Report from Light Sources 2012 at Rensselaer

Your humble editor attended Light Source 2012 (LS13) hosted this year by the Lighting Research Center in Rensselaer, NY.  Of all of the events in our industry, and there are too many events, this is by far the most technical.   Filled with scientists and lots of talk about Nano particles, I was a bit out of my league.

In a private conversation Juris Sulcs of ADLT/Venture Lighting and I were discussing the state of change when industry-legend John Waymouth stated, “We used to measure product life cycles in the quarter-century.”   I thought this was a very profound statement.

Mark Rea, director of the Lighting Research Center was the host of the event and kicked it off by introducing industry leaders to discuss the future of lighting.  The first day was sponsored by the Illuminating Engineering Society.

 Below are the things, which I pretended to understand:

Rob Glass, Cree’s, Vice President of Technology, Materials and Optoelectronics, gave one of the most interesting and honest talks of the day.  

Glass explained that Cree was really a technology company that is also in lighting.  He said, “The first guy through the wall always gets bloodied.”  Looking at their stock price lately, he is correct.   He also said the future is not one S curve, but many S curves.  Glass emphasized that the products must be economical in order to be viable.   He showed a slide titled, “What technologies will shape the future?”

  • Control
  • S/P ratio optimization
  • Quantum dots
  • GaN on Si
  • Light Emitting Plasma
  • OLEDs
  • Application specific lighting

I found it interesting that the company I perceive as one of the leaders in LED lists Light Emitting Plasma as shaping the future. 

Zoltán Vamos, GE’s General Manager, Global Lighting Technology spoke about the transformation of our industry.  Specifically he stated that technology, customer preference, regulation standards, inflation (rare earth) and shortness of material are driving new technology. GE wants to change your light to improve the quality of that light and to give an economical benefit.  Listed below are the tools needed to win:

  • Thermal, optics, phosphor, packages
  • Light engine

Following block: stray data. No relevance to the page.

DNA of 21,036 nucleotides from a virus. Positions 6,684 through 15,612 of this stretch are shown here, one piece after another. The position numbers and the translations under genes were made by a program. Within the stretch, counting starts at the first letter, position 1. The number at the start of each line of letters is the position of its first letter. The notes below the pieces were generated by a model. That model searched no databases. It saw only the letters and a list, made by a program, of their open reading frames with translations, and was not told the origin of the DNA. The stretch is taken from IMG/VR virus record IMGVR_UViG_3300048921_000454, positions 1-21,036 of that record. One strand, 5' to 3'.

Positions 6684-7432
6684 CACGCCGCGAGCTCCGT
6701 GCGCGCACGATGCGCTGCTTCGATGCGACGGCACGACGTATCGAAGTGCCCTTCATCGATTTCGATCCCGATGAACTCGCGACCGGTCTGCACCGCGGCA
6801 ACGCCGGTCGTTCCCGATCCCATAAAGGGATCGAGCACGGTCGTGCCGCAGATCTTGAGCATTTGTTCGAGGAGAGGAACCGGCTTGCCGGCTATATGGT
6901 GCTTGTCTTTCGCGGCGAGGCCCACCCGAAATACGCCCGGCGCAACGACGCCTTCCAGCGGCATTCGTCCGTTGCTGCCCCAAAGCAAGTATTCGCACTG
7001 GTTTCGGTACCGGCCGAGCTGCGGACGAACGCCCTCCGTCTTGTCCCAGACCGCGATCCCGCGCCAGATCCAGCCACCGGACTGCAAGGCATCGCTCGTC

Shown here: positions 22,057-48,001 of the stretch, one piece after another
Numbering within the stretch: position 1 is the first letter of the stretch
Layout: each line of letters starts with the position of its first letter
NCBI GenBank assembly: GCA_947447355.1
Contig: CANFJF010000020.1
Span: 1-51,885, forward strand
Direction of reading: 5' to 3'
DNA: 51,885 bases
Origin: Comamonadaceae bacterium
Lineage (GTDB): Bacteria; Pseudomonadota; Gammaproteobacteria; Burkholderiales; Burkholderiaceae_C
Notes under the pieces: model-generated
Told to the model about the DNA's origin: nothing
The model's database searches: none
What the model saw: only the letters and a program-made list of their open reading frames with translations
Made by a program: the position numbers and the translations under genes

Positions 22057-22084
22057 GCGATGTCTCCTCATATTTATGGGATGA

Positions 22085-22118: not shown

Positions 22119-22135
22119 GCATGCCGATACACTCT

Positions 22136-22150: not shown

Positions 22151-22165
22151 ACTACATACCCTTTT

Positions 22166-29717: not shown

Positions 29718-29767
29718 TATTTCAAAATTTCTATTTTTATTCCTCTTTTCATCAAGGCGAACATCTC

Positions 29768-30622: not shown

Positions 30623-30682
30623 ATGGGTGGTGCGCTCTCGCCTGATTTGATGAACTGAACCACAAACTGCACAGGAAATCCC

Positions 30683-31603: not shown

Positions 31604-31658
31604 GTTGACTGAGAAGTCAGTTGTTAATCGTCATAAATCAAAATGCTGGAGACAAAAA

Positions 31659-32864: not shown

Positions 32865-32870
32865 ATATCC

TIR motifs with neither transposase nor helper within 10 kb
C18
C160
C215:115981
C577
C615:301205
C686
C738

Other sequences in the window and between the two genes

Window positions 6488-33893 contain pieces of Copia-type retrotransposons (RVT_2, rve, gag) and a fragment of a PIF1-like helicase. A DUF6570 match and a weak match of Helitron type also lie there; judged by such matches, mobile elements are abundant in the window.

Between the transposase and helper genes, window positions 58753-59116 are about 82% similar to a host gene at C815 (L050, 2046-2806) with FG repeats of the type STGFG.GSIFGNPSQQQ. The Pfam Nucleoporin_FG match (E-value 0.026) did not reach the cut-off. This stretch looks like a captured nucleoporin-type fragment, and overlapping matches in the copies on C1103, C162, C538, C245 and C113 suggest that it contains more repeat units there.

• Luminaire
  • Intelligent drivers
  • Energy management systems

Klaus Streubel, Osram’s Senior Vice President and Head of Research & Development presented a few bold numbers:

  • Residential LED penetration will grow from 9% to 71% from 2011 to 2020.  I don’t believe that one out of every ten A-lamps in the residential sector is LED.  The speaker has the luxury of looking at worldwide numbers, and my experience is primarily in the U.S., but call me skeptical. 
  • Architectural lighting showed 46% LED penetration in 2011 and will grow to 79% in 2020.  Again, almost 50% of architectural lights last year were LED?  I don’t buy it. 
  • Hospitality lighting was 13% in 2011 and will grow to 77% in 2020. Maybe.

Katsumasa Nakai, Panasonic’s General Manager, Research & Development Center, Lighting Business Group shared:

  • 70% of new outdoor lighting in Japan will be LED in 2012.  This is also a staggering number, but given their energy situation after the Tsunami, I can accept it.  
  • 25% of all new office lighting will also be LED. 
  • Panasonic introduced a new term called PS, which stands for Preference Index of Skin color.  Most LED products are 83; their new product has a PS of 95. 

P.S.  One industry veteran explained that current CRI numbers are less than worthless as they cause more harm than good.  He thought the PS index could be a meaningful quantifier. 

Marc Janssen, Philips’ Vice President, Research & Development Manager, Light Sources & Electronics explained we are in the first wave called LEDification, which he defined as acceptable quality at an affordable price.  LEDification will create a second wave called Digitalization with personalization of light conditions and additional energy saving (demand response).

Not to be outdone by their Japanese rival, Takeo Yasuda, General Manager of Technology Planning Department, Toshiba Lighting & Technology, introduced a new term called Weluna.  (Space brightness is a sense of brightness we can feel from the entire space).  It is indirect illuminance at eye point.   Think of sticking a light meter in your eye.